Wednesday, December 11, 2019
JW Marriott | 10 S. West Street, Indianapolis, IN 46204
When Gov. Eric Holcomb challenged Indiana to lower its infant mortality rate to the best in the Midwest by 2024, we knew we were going to need different approaches to improve outcomes for Hoosier moms and babies.
In 2017, 602 babies died before their first birthdays in Indiana. While that rate is lower than 2016, our work isn’t done.
To more effectively tackle this public health problem, we must address disparities and socioeconomic factors that prevent a woman from accessing prenatal care early and continuing that care for both herself and her baby, provide education about safe sleep practices, and improve the overall health of Indiana mothers, to name just a few areas of need.
These are not issues that any one of us can address alone. It will take communities working together to make sure the needs of every mom and baby are met. That’s why this year’s Labor of Love Infant Mortality Summit is all about Connecting Communities ― linking pregnant women to services where they live and connecting community-based organizations to each other so they can accomplish more together.
In one community, that could mean a home visiting or paramedicine program. In another area of our state, a faith-based organization or a mental health facility may step up to bridge the gap. While the description of “community” may be different throughout our state, our need to make that local connection and wrap our arms around mothers and babies is the same.
At ISDH, we’re working to help build those connections through a new OB Navigator program that was approved by state lawmakers and signed by Gov. Holcomb. This essential program will help us break down the barriers that prevent pregnant women from accessing care. To do that, we are building a network of services and support to wrap our arms around those in need.
I encourage you to join us Dec. 11 for the seventh annual infant mortality summit to find ways you, too, can build those critical connections. By working together to link Indiana moms and babies to health care in their communities, we’ll improve the lives of both and celebrate more first birthdays in Indiana.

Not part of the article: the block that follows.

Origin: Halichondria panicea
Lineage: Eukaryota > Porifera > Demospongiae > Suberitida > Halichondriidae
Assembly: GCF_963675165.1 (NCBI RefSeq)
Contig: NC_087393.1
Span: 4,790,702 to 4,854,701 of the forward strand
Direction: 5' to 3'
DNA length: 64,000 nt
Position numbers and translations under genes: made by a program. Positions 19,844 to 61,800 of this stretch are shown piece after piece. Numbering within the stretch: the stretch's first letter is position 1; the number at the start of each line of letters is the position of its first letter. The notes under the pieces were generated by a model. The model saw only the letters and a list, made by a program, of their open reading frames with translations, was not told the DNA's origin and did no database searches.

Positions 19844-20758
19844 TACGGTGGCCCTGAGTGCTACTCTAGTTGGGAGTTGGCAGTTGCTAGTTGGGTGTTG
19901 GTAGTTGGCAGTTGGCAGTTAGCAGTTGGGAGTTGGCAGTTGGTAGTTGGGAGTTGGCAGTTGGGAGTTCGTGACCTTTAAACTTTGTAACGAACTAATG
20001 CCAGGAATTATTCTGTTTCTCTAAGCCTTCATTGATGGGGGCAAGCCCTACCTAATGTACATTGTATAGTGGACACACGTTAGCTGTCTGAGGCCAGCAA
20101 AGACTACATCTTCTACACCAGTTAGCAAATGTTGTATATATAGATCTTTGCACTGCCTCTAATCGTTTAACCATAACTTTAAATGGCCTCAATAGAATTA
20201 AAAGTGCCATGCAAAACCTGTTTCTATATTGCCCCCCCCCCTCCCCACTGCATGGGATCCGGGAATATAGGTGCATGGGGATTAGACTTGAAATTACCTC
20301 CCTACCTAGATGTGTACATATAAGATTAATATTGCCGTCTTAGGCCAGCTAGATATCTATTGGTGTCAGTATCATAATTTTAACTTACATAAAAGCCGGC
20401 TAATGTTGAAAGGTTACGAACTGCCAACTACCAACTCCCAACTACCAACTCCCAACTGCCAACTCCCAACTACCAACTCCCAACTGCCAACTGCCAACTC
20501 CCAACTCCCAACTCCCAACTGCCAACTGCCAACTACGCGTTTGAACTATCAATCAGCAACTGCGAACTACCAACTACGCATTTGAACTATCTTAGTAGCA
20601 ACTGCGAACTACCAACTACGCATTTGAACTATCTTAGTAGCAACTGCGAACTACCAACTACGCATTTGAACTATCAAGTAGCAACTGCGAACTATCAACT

Yours in Health,
Kris Box, MD, FACOG
State Health Commissioner
We have assembled an exciting lineup of experts from across the United States to join us in a conversation around disparities and their relation to infant mortality in Indiana.
A basic continuing education certificate of attendance will be available to all attendees. You many pick it up at the Registration Table at the conclusion of the Summit.
What are health disparities?
According to the Centers for Disease Control and Prevention, health disparities are preventable differences in the burden of disease, injury, violence, or opportunities to achieve optimal health that are experienced by socially disadvantaged populations. Populations can be defined by factors such as race or ethnicity, gender, education or income, disability, geographic location (e.g., rural or urban), or sexual orientation. Health disparities are inequitable and are directly related to the historical and current unequal distribution of social, political, economic, and environmental resources.
Health disparities result from multiple factors, including
Inadequate access to health care
Individual and behavioral factors
Sponsors & Exhibitors
The ISDH is seeking sponsorships for the Sixth Annual Infant Mortality Summit. Well-attended and well-received, the Summit attracts over 1,200 participants from across the State of Indiana.
About Labor of Love
Labor of Love is a product of the Indiana State Department of Health in cooperation with other organizations.
Infant mortality is the death of a baby before his or her first birthday. The United States is one of the wealthiest countries in the world, yet it has an unacceptably high rate of infant mortality compared to other wealthy countries.
The problem is particularly significant in Indiana, where the overall infant mortality rate was 7.5 infant deaths for every 1,000 live births in 2016.
To combat unacceptable rates of infant mortality in Indiana, the Indiana State Department of Health, through its Maternal and Child Health program, is initiating a statewide sustained education and outreach effort. This has been identified as the agency’s No. 1 priority.